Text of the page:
Every year, doctors diagnose thousands of Americans with some form of colorectal disease. These diseases range from inflammatory bowel disease, Crohn’s disease, ulcerative colitis, to colon cancer and rectal cancer. Colorectal disease symptoms can include diarrhea, constipation, cramps, and any change in routine bowel habits that persists for more than a few days. Symptoms may not always be obvious or occur early on, so Dr. Lemus-Rangel always encourages regular exams to screen for colon cancer. Colorectal diseases are chronic, and can rarely be cured. However, they can be treated with medication and/or surgery.
Colorectal disease can be treated using medication and/or mitigated through dietary changes. For colorectal diseases that have advanced to the point where medication provides limited relief, doctors may opt to perform surgery to remove the diseased parts of the colon. Depending on the severity of the disease, this may require complete removal of the colon. Colorectal surgery can be performed in two ways, through ‘open surgery’ or laparoscopic surgery.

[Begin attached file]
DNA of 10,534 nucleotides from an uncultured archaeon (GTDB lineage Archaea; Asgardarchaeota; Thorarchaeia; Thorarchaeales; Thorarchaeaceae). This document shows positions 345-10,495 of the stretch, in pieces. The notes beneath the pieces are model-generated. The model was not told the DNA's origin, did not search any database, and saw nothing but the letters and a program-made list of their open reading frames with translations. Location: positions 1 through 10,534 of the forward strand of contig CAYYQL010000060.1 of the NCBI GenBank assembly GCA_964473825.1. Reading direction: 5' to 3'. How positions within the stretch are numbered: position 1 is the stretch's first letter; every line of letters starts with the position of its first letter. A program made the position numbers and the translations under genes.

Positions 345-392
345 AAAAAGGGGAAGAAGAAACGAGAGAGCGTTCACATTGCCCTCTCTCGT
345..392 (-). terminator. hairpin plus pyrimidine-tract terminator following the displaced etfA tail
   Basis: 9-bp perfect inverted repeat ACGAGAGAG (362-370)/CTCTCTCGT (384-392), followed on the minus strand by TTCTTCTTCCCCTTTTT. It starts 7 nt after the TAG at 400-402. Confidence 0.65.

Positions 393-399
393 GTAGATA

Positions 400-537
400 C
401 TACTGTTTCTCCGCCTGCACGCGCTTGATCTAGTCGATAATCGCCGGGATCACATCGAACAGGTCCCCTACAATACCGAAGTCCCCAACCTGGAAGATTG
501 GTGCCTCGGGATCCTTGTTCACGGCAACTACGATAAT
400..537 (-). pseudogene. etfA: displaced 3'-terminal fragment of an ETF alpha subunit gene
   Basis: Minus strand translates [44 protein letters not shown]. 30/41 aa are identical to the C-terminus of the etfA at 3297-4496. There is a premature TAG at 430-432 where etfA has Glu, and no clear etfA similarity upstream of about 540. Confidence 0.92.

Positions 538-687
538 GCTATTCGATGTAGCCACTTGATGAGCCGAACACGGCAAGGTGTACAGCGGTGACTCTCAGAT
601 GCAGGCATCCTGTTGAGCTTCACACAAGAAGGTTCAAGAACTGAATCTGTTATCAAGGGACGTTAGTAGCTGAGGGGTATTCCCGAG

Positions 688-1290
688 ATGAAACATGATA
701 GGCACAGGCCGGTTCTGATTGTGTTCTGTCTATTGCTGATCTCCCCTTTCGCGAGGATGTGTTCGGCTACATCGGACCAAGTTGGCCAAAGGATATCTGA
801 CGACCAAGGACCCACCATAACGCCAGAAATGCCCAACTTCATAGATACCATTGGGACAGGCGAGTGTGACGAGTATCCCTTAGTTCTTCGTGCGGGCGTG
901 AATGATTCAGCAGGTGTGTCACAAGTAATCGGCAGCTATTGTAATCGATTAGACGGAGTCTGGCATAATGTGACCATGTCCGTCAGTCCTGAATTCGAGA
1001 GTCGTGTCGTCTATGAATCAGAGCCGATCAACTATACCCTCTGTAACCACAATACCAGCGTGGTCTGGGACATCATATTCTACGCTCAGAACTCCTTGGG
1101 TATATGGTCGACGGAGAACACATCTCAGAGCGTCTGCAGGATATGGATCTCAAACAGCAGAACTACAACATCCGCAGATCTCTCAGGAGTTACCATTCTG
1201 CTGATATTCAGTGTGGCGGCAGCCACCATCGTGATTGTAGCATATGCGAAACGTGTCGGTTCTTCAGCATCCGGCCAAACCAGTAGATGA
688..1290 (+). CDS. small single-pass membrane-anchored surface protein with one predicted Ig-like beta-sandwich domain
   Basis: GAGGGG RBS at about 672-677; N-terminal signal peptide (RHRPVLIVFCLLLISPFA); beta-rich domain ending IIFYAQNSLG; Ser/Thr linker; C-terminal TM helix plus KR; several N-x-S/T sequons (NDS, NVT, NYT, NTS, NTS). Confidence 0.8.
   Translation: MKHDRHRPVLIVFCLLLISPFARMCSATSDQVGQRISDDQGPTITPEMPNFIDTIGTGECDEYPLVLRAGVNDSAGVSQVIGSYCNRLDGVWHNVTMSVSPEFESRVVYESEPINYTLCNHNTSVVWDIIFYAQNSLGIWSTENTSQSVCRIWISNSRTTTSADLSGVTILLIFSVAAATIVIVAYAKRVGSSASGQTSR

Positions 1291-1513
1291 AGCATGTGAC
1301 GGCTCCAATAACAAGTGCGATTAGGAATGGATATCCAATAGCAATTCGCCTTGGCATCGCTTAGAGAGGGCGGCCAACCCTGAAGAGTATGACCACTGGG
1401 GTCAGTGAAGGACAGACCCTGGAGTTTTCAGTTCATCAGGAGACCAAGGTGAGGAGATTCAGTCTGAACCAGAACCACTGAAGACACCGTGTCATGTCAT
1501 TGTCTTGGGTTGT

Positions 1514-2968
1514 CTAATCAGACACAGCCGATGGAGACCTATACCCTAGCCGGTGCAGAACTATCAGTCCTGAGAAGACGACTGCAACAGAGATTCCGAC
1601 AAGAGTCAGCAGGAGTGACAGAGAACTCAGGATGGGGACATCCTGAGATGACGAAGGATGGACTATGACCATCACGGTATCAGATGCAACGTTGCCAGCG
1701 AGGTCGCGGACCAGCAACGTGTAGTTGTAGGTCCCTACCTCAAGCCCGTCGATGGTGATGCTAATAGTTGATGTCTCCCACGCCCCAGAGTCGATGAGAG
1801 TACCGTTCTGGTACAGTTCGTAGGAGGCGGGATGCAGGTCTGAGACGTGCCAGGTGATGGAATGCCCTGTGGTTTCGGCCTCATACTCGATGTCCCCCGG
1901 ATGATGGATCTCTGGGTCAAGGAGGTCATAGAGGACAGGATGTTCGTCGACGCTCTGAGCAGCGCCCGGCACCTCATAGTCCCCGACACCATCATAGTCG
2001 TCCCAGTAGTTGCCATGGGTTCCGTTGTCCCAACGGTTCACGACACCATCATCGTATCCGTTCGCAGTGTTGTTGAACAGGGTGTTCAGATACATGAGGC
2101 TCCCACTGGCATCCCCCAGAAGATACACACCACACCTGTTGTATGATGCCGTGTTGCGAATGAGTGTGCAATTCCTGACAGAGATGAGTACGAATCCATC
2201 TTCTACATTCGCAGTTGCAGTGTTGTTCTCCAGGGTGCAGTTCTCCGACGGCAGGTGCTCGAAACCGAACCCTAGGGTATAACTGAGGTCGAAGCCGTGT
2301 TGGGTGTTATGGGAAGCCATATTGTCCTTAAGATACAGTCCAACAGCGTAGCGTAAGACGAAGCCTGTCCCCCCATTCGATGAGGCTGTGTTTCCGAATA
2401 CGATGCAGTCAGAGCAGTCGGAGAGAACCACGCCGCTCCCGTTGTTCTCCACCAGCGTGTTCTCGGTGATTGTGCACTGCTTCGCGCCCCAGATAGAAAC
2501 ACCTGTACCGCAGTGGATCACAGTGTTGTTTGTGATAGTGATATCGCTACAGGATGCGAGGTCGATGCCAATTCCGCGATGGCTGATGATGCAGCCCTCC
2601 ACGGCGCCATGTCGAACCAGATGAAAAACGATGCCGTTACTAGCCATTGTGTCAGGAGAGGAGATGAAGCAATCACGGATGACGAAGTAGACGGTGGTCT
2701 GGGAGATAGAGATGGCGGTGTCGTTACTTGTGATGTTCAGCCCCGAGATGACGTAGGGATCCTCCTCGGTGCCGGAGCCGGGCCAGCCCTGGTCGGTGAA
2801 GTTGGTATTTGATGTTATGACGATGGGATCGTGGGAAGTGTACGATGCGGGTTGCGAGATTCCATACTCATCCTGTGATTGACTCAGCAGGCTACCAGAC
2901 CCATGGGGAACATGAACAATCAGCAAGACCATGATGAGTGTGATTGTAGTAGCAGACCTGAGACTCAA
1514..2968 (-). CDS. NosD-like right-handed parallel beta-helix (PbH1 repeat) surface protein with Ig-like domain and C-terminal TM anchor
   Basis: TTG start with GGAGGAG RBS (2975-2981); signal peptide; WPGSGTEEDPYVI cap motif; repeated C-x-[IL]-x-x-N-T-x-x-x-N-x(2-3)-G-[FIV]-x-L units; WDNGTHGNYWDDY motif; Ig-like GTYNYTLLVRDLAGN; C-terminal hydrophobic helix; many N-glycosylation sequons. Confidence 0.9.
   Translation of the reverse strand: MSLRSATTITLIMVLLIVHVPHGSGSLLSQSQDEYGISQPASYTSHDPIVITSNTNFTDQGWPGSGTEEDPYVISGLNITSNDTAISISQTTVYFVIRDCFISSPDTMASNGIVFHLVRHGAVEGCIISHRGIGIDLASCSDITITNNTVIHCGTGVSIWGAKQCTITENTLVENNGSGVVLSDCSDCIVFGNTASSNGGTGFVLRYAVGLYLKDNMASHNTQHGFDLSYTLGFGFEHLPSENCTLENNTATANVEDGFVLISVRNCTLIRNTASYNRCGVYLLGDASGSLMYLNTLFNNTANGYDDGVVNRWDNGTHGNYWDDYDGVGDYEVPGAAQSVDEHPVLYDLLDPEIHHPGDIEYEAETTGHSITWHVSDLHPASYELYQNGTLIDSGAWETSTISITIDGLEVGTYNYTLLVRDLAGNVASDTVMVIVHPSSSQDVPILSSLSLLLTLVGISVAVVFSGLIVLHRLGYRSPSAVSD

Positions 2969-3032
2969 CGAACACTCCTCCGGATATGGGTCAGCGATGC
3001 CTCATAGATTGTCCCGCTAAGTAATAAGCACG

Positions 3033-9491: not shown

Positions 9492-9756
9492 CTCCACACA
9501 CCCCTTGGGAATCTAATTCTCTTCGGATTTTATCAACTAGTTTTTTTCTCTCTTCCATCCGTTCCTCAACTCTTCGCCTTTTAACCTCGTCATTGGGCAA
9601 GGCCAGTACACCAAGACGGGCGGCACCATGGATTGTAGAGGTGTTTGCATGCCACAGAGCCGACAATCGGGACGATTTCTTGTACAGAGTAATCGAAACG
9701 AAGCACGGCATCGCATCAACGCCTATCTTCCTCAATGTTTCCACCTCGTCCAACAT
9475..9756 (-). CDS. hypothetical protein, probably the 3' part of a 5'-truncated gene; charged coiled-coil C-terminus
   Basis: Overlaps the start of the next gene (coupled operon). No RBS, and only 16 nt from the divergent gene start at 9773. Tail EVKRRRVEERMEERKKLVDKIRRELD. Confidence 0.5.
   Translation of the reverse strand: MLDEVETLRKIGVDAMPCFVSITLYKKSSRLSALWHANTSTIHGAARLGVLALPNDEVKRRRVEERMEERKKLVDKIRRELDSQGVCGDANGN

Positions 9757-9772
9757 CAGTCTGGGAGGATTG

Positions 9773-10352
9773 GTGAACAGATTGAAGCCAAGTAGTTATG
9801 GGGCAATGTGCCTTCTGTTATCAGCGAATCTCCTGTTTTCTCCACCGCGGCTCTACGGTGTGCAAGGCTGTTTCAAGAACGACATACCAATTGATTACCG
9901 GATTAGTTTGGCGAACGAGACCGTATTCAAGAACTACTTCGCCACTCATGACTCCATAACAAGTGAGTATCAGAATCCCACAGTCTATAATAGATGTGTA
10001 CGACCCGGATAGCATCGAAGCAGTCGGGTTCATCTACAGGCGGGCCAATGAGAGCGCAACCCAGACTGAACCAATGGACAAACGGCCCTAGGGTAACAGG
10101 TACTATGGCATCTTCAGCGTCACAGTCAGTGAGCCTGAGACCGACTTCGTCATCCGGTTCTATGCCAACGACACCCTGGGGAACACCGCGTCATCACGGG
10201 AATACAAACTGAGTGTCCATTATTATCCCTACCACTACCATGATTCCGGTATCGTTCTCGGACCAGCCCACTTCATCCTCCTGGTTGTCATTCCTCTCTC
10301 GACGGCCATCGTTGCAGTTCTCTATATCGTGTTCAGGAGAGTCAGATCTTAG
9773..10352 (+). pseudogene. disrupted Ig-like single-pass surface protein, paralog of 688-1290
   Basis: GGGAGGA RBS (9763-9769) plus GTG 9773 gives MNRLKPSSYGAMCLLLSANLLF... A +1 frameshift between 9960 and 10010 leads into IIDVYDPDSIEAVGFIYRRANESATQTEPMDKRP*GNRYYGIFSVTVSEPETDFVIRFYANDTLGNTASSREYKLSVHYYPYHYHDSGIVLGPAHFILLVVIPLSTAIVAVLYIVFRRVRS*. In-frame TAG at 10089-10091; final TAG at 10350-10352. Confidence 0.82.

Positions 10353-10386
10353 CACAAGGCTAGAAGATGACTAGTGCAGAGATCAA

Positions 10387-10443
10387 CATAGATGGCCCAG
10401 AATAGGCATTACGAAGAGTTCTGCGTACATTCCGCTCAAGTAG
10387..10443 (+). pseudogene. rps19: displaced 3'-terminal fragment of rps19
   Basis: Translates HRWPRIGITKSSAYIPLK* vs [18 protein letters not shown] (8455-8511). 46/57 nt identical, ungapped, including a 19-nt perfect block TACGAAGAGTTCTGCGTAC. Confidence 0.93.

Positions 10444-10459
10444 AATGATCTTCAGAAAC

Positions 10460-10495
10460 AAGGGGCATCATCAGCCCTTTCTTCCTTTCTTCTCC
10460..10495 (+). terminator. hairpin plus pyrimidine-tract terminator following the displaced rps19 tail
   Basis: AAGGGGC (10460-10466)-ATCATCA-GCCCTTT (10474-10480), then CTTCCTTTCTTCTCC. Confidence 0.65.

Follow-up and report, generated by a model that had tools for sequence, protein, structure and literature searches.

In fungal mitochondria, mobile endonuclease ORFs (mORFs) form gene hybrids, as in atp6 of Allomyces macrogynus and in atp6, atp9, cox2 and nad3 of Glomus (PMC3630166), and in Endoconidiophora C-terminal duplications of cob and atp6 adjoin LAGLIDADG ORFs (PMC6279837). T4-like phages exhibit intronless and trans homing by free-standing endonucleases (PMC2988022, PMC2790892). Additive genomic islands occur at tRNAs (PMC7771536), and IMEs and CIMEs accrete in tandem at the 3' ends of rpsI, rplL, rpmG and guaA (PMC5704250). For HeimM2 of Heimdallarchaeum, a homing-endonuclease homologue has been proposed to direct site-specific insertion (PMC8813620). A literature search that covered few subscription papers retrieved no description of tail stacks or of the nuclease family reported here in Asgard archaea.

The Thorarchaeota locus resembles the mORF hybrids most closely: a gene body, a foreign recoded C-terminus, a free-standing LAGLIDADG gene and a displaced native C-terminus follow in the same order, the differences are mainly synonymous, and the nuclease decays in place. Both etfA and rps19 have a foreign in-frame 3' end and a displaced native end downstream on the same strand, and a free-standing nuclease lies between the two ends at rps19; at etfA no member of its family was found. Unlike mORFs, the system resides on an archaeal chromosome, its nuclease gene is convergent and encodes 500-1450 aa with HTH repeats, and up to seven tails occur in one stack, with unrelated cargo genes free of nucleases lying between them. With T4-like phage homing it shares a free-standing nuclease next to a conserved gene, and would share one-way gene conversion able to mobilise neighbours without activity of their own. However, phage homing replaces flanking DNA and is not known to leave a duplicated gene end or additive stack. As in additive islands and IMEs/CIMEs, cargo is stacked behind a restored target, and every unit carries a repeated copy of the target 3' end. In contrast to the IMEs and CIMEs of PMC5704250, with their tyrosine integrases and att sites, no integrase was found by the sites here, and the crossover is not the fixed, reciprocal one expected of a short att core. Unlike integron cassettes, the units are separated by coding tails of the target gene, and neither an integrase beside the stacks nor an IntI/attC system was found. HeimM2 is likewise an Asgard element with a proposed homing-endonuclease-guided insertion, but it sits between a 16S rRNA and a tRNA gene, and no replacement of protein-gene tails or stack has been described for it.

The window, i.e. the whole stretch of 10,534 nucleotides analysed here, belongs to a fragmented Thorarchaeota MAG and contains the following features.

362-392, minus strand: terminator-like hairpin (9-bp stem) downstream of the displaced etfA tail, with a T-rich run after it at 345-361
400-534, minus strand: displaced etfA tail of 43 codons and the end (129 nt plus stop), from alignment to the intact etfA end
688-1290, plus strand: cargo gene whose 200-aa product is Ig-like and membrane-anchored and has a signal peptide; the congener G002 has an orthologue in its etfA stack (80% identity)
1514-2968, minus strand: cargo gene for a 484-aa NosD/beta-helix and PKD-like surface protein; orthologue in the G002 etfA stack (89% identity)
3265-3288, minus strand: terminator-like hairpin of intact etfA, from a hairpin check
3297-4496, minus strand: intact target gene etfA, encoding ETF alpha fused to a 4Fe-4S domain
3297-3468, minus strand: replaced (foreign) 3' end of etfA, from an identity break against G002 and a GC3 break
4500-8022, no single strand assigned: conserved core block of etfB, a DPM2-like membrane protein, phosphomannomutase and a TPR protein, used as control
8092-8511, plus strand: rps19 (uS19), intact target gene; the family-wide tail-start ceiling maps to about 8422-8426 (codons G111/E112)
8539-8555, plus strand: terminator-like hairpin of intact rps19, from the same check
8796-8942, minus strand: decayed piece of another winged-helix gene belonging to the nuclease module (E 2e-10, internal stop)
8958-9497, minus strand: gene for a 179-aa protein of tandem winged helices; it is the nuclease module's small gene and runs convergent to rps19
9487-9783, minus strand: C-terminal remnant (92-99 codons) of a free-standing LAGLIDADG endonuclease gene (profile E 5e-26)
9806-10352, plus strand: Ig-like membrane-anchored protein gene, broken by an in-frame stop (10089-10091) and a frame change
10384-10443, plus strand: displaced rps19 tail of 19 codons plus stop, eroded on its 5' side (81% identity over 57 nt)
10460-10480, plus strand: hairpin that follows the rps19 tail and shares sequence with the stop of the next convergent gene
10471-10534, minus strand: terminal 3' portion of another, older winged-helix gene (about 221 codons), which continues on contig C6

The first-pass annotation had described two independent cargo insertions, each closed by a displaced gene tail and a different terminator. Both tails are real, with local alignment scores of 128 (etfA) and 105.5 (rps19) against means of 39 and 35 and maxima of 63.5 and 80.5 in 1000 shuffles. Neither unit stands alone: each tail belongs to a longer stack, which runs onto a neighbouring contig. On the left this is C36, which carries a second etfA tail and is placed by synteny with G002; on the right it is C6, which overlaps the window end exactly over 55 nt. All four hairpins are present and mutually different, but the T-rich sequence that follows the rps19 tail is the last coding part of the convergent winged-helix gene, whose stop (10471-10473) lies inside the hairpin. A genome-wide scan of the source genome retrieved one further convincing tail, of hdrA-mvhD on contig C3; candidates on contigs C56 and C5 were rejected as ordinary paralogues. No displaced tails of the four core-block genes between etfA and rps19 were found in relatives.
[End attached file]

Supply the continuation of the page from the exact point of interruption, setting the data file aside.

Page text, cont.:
Laparoscopic Surgery provides patients with a safer option to traditional surgery. For many patients, the recovery time from laparoscopic surgery is much shorter and less painful. Doctors increasingly perform colorectal surgery using laparoscopic techniques, as it is less invasive.
In Laparoscopic colorectal surgery, doctors will make 4 to 5 small incisions in the abdomen and insert specialized surgical devices into the incisions. Using a laparoscope (surgical camera), doctors will identify the diseased tissue and remove it from the body.